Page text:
(Opening picture, from La Nacion newspaper) From November 9th and until today, Buenos Aires had its first exhibition with a focus on eco, social and sustainable design. It was inside Design Connection, an annual exposition on avant-garde design. Though the products that focused on recovered materials were mixed up with regular ones and didn't have enough clear specifications about the materials, the show served as a great introduction for general people to the theme of recycled and social design (it even had a stand from the government with flyers that explained how to separate and recover garbage). We also found out that in the frame of this exhibition was the official launch of ReMade Argentina: this country's own version of the Italian organization that promotes design from recycled materials (ReMade in Italy). In terms of products, we could count as a plus that the exhibition had some foreign eco-designers from Brazil, England and Italy -mainly the products from the ReMade in Italy catalogue-; but we point as a minus the fact that there weren't any products on sale. However, we were glad to find some of our previously featured designers showing their stuff, like Oficina Nomade, Gueto, the Cempre Award Winners, Mu, Vacavaliente and the winners of the Easy Homecenter contest; and also some interesting ideas from new players. Check them out in the extended (if you're in Buenos Aires, it's open until 9pm at the Buenos Aires Design Auditorium, between streets Pueyrredon and Libertador, Recoleta). ::Design ConnectionOur findings:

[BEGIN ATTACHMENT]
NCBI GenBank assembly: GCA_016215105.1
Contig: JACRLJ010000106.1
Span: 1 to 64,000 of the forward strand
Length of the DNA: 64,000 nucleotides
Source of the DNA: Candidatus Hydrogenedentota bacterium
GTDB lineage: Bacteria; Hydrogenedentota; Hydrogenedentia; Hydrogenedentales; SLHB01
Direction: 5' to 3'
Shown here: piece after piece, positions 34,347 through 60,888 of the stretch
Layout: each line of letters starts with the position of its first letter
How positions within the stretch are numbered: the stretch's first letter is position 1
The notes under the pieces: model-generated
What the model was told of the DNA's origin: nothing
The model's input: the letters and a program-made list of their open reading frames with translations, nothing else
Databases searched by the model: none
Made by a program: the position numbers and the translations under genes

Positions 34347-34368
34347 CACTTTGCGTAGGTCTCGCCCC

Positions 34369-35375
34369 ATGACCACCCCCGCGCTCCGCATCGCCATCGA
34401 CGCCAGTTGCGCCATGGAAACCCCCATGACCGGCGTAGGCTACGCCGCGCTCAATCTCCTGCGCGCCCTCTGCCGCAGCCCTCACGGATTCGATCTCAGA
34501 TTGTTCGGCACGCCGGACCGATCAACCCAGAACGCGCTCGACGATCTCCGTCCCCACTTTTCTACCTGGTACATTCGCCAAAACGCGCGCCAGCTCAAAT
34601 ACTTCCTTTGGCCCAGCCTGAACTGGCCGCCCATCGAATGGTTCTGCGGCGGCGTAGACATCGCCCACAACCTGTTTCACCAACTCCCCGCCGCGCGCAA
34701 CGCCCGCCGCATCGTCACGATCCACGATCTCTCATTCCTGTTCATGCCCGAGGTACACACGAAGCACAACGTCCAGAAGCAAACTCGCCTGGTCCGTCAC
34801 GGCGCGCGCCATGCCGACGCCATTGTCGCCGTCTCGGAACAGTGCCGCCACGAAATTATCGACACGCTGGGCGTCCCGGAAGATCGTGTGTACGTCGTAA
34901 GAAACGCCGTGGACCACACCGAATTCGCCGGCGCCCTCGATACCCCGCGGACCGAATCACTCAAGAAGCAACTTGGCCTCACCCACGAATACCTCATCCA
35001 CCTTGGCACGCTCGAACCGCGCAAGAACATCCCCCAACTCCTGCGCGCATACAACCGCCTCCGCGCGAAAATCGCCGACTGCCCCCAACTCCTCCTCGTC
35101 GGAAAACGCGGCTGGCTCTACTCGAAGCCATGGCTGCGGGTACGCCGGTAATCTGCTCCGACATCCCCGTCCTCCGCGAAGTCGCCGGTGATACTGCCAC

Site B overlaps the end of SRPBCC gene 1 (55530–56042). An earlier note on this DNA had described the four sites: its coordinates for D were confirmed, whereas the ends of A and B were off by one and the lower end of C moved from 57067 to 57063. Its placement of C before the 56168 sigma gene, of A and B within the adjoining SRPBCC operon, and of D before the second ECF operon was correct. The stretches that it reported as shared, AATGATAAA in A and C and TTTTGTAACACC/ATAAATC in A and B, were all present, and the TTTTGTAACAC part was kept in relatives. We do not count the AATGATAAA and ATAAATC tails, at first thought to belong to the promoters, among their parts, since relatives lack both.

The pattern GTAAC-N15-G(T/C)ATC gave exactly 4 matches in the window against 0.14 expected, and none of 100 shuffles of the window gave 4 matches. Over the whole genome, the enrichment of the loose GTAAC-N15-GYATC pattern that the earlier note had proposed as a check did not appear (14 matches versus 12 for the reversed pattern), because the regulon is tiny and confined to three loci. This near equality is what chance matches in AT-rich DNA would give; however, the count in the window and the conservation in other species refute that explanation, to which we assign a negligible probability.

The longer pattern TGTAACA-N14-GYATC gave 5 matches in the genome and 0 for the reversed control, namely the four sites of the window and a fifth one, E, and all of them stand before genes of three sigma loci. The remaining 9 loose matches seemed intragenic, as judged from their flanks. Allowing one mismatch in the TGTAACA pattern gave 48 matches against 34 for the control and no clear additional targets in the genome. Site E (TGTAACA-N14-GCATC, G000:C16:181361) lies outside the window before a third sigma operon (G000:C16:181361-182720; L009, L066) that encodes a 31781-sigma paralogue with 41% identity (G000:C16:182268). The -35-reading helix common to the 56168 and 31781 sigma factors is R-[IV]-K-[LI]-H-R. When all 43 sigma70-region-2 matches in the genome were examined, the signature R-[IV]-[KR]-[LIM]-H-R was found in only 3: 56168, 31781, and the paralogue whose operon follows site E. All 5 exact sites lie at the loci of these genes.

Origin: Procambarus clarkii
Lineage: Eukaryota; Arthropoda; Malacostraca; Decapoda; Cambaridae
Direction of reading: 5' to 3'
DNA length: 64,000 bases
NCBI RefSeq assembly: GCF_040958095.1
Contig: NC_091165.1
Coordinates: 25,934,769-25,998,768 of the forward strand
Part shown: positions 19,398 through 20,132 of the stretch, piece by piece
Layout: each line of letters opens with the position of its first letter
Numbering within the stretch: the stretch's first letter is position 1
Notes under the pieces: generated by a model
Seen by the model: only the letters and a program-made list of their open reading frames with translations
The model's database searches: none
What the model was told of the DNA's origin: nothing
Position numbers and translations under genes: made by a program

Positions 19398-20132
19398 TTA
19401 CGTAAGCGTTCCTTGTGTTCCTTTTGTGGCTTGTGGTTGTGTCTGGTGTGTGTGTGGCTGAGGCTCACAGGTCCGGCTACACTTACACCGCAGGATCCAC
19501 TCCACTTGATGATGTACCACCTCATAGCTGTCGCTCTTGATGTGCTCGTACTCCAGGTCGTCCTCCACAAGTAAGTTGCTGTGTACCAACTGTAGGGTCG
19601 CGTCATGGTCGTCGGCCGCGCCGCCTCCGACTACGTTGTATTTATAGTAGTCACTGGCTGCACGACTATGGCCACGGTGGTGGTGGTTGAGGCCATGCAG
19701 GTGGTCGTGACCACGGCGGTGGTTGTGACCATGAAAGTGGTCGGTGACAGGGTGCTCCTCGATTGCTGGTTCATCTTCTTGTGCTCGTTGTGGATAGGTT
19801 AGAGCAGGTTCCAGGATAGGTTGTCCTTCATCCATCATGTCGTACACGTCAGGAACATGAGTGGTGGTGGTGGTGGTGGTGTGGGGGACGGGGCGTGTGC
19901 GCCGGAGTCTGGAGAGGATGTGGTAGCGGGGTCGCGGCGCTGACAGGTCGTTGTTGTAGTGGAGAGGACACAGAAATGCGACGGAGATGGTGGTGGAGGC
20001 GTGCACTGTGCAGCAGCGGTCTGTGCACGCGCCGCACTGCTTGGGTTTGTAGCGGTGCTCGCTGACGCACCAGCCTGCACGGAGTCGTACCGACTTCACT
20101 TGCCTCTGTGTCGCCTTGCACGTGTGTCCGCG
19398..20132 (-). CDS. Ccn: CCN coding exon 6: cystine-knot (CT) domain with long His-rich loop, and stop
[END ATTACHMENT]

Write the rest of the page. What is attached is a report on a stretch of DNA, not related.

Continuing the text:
Perfectos Dragones' flowerpots and lamps from melted plastic straps (they also have purses and other accessories that weren't at the show).
Arqom's Simoa bench. Made from sustainable eucalyptus wood.
Designo's Puzzle Table. Covered with wood scraps from old Patagonian constructions.
Cristian Mohaded's Bois bench. Made entirely from different kinds of wood scraps, recovered in sawmills) he doesn't have a website but can be contacted by mail (if anyone's interested, please write a comment and I'll send it).
Federico Churba and Patricio Lixklett's plastic wickerwork. Though this is not from recovered materials, we thought it was interesting to show how these designers have re-designed wickerwork. If these were from recovered/recycled plastic strings, it would be perfect.